Tuesday, November 9, 2010

Common Sense

When thinking about food, most think that taste is the most important sense. But, in reality we use all of our senses equally when experiencing food. Throughout my day I noted how many times I used all of my different senses.

I started off by making the happy carrot salad. The key component of the salad are the carrots, which are shredded through the Robot Coupe. This creates a fine texture, but leaves the carrots still crunchy. Golden raisins are plumped in warm water and then added to the salad to contrast the crunch with a softer feel.

After I finished the salad for lunch service, I moved onto the catering project that would occupy me the rest of the day. I began by preparing the components of the salad. I first made orange and grapefruits supremes. This is a difficult task that requires good knife skills. I had to cut off the skin and then cut between the segments to form perfect half moons of pure orange, no peel or seeds attached. This took quite some time, my hands became sticky and my nose was filled with citrus scent. To be honest, my hands still smell a little fruity! Next, I crumbled the queso fresco, a rather dry cottage cheese-style cheese with a very mild flavor. At first I wore gloves to prevent mess, but then realized I couldn’t feel the cheese enough to determine if the crumbles were the right texture. After using my senses to help me crush the cheese, I moved on to toasting the pecans. I simply put them on the sheet tray and popped them in the oven. I had to watch them to see if they became the perfect color brown. They were a bit on the toastier side, so I removed some of the darkest pieces, but the rest were good to go. I finished up the salad by preparing some local greens and making the dressing. We used local arugula and frisee, I washed it and spun it in the salad spinner to remove the moisture. Then I made the citrus vinaigrette by combining orange juice with sherry vinaigrette, champagne vinegar, parsley, and olive oil. We warmed the orange juice to bring out most flavors. I had to taste it to make sure the flavor was correct.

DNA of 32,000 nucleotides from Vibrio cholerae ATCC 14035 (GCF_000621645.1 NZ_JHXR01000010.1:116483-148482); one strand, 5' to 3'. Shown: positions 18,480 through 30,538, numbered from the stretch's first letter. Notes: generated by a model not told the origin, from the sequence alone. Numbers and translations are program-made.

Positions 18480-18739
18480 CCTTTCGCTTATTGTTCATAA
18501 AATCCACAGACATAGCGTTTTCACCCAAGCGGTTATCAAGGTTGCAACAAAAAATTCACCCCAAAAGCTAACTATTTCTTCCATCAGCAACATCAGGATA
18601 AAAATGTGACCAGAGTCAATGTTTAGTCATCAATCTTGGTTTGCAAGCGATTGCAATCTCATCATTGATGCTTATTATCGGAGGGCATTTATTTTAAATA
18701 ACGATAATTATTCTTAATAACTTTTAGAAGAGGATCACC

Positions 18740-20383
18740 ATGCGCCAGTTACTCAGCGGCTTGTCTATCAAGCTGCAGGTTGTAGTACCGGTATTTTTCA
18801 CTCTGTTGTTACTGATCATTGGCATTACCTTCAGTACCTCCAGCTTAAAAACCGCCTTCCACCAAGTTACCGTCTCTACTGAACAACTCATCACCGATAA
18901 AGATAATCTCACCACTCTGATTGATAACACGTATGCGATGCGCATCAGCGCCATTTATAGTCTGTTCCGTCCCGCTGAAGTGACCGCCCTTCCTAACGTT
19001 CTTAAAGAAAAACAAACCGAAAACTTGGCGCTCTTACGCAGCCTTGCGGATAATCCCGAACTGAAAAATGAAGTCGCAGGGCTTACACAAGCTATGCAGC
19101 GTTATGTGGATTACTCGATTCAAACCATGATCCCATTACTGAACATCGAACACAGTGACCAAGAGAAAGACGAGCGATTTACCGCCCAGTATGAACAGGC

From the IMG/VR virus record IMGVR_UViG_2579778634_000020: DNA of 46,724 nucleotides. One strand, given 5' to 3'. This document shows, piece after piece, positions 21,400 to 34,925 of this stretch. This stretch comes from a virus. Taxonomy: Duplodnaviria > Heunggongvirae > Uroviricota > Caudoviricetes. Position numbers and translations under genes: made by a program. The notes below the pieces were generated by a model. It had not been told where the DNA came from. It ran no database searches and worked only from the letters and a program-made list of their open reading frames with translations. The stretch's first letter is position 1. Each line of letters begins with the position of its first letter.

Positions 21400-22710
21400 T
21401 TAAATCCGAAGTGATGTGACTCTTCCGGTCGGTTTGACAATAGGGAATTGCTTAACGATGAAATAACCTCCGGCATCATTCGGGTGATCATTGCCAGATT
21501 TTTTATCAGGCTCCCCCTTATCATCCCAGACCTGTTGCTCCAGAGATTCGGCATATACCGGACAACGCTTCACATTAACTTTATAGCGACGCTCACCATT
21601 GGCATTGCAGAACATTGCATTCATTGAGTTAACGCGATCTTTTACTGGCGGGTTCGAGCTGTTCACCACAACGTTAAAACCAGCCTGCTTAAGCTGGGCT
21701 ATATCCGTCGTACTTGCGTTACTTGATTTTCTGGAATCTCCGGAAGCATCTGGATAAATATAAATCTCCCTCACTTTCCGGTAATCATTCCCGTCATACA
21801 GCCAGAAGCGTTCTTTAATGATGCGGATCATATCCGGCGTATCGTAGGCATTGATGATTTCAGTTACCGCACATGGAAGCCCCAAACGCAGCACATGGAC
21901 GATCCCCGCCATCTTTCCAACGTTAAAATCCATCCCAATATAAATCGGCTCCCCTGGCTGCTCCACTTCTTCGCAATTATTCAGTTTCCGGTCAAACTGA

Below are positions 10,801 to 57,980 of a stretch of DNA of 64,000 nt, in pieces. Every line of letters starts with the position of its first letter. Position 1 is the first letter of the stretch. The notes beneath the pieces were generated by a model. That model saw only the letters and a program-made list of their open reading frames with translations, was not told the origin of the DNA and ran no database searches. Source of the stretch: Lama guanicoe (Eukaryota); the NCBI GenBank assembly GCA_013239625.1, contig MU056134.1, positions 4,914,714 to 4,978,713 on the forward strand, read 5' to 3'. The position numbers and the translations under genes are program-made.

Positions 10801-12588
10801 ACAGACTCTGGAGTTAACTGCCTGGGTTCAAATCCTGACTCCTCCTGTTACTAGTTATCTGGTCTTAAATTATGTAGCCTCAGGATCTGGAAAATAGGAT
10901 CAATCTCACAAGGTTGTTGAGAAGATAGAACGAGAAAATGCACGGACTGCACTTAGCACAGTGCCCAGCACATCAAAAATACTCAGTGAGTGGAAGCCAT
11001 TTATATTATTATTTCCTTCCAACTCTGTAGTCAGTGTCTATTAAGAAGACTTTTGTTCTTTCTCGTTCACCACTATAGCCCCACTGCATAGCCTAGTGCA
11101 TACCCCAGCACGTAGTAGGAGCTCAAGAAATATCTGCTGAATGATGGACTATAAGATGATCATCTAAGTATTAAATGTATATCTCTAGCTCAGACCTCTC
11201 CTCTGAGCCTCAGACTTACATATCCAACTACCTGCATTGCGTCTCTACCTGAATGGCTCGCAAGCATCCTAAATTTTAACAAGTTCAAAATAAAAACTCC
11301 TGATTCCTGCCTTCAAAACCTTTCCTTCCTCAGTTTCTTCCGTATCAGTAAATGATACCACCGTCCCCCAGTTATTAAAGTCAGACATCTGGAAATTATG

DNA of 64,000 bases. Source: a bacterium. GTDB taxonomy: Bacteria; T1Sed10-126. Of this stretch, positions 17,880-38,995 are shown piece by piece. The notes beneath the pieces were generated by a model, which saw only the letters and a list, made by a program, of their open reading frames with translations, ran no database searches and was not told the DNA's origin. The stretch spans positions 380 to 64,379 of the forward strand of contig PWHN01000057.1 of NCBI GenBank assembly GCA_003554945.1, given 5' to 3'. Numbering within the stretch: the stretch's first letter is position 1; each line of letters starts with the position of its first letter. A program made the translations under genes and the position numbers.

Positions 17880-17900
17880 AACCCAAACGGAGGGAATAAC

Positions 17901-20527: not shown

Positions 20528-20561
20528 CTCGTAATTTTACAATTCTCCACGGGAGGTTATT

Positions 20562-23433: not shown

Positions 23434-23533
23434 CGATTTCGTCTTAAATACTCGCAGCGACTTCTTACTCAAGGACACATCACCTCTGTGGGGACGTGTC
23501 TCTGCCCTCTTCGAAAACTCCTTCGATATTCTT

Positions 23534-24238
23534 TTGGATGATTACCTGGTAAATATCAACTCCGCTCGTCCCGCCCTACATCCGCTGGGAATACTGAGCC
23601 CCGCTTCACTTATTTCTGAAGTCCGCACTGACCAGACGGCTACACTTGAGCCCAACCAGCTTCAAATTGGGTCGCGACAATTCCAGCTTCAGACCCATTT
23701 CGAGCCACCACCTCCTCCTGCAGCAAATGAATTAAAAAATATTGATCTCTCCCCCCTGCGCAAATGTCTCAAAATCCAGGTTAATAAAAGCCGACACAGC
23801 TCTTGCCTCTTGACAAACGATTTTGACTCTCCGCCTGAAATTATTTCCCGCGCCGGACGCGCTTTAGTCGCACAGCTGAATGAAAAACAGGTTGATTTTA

Once the salad was prepared, I moved on to prepping the fixings for the two main dishes, a grilled marinated chicken breast and roasted beef tenderloin. For the chicken, I had to make salsa verde. I combined chopped parsley and cilantro with garlic, lemon juice, and olive oil. I combined and tasted, the bright green color contrasted against the chicken will be quite eye catching. In opposition to the green, I also seeded pomegranates to compliment the chicken. I had to cut off the tops of the pomegranates, then cut the fruit in segments and tear out the seeds in water. Although time consuming, these seeds are brightly pink colored and full of flavor. Then I moved on to the beef accompaniments and made roasted tomatoes. Once the roma tomatoes were cut in half and tossed in olive oil, salt, pepper, and a pinch of sugar I popped them in the oven until shriveled with a bit of brownness. Like the pecans, these were a bit overcooked, but savable. I have decided I need to set timers once I put things in the oven!

I finished the catering by making the side dish of snap peas with ginger and almonds. The dishwasher helped clean the snap peas, and then I blanched them in boiling water and then shocked them in an ice bath. I then put a pint of almonds and 3 tablespoons of fresh ginger in containers to head out with the catering.

The whole day I was reminded of how important it is to be aware of all of your senses as you deal with food. I had to see how cooked something was by noting color change. I also saw how bright colors contrasted with blander colors can make food more appealing. Being next to the expo station also showed me how important presentation is. The smells in the kitchen also send you signals of when something is ready and when something is burning. An inviting smell can always work up an appetite, especially if that smell is freshly baked brownies coming from the dessert station next to you. I also used touch when preparing the food, not only when crumbling the cheese but also when tasting dishes to see if the mouth-feel is appealing. Hearing is used to talk to other chefs, but more importantly hear boiling water or a timer that reminds you of what you have forgotten. Finally, taste is used constantly, to decide if using your other senses efficiently has been successful, or if you have just failed trying. I would say we were quite successful in the kitchen today.

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